Day 5 - The problem with dopamine

We have a big problem… many of us are running on a dopamine excess and that can have catastrophic effects for our mental health.

Constant notifications on our phones from emails and texts combined with our overuse of social media is driving a seriously unhealthy habit that is altering our brains.

Doing anything we enjoy gives us a dopamine boost, it helps to motivate us to continue to do the things we love. There are things the boost are level of dopamine in a positive way and over long periods of time such as reading a good book, listening to music or achieving a goal. However very short sudden boosts in dopamine can become negative such as the boosts we get from social media. 

I want you to think for a moment how many times a day you look at your phone and ‘accidentally’ click Facebook and how often you’re half way down your news feed before you realise you’ve completely forgotten to do what you came on your phone to do in the first place… Far too often, it’s because things like social media suck us in and give us lots of small boosts in dopamine, after a while the brain gets used to a certain level of the happiness drug and needs to sustain it so we head back to socials to see how many likes we’ve got.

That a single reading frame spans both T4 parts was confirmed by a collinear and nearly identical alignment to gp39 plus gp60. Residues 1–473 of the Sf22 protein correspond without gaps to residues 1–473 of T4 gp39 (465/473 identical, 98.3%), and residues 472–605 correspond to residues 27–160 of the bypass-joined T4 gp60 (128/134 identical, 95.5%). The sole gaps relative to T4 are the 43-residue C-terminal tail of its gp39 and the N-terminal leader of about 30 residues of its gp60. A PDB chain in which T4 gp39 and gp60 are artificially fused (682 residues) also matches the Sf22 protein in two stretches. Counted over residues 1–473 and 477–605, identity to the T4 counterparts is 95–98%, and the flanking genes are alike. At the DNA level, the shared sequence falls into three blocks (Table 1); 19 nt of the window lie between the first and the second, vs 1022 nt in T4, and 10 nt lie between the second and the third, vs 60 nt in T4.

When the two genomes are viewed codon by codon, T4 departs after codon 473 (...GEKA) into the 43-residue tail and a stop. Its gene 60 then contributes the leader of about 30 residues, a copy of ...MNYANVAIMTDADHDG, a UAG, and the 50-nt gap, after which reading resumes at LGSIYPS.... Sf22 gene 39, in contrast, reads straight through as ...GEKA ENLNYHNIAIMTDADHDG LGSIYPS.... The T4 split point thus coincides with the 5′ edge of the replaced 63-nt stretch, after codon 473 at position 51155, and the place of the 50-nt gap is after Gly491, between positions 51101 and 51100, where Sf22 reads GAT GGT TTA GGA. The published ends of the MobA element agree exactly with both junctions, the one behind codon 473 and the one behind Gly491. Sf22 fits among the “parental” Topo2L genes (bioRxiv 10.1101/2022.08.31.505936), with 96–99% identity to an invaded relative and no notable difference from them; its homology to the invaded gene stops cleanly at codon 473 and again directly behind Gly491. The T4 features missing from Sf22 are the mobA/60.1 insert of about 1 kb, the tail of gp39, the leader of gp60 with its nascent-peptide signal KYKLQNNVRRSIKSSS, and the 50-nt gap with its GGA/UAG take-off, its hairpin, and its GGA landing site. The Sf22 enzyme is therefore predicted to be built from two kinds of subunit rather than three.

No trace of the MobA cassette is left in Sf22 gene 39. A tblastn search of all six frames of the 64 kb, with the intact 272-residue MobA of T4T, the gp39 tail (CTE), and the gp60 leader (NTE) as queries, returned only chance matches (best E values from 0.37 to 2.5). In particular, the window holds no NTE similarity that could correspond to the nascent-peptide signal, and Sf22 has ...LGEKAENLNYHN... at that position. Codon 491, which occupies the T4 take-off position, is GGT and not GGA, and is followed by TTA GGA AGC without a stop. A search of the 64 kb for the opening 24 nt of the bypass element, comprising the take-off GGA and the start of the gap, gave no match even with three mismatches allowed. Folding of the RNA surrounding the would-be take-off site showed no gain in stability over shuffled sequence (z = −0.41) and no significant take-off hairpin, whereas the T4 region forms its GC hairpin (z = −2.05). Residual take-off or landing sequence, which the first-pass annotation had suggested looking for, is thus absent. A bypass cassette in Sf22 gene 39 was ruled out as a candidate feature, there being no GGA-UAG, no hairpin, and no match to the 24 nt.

But over time if we aren’t getting the dopamine boost we used to from socials, i.e. we aren’t getting as many likes on our status, then we end up in a dopamine deficit which can lead to low mood similar to having an excess of dopamine that overloads our brains. The lack of dopamine leads to a lack of enjoyment in activities where as the excess of dopamine actually inhibits our emotions and behaviours.

It’s not just social media, it’s the whole quick fix society that we’ve got, instant notifications to your phone throughout the day from various apps give us that rush. Think about when you have a phone in your pocket and someone texts but you have to wait to check it… feels wrong to wait doesn’t it? I mean Amazon next day delivery is a prime example (pun intended) of how we’re used to things now being instant. Rather than these short intense bursts its much healthier to find and do things that make us happier over long periods, this will help with a sustained and healthy level of dopamine.

The other thing we need to do is learn to take a break from technology, taking 2 hours a day away from screens and away from our phones will do us the world of good.

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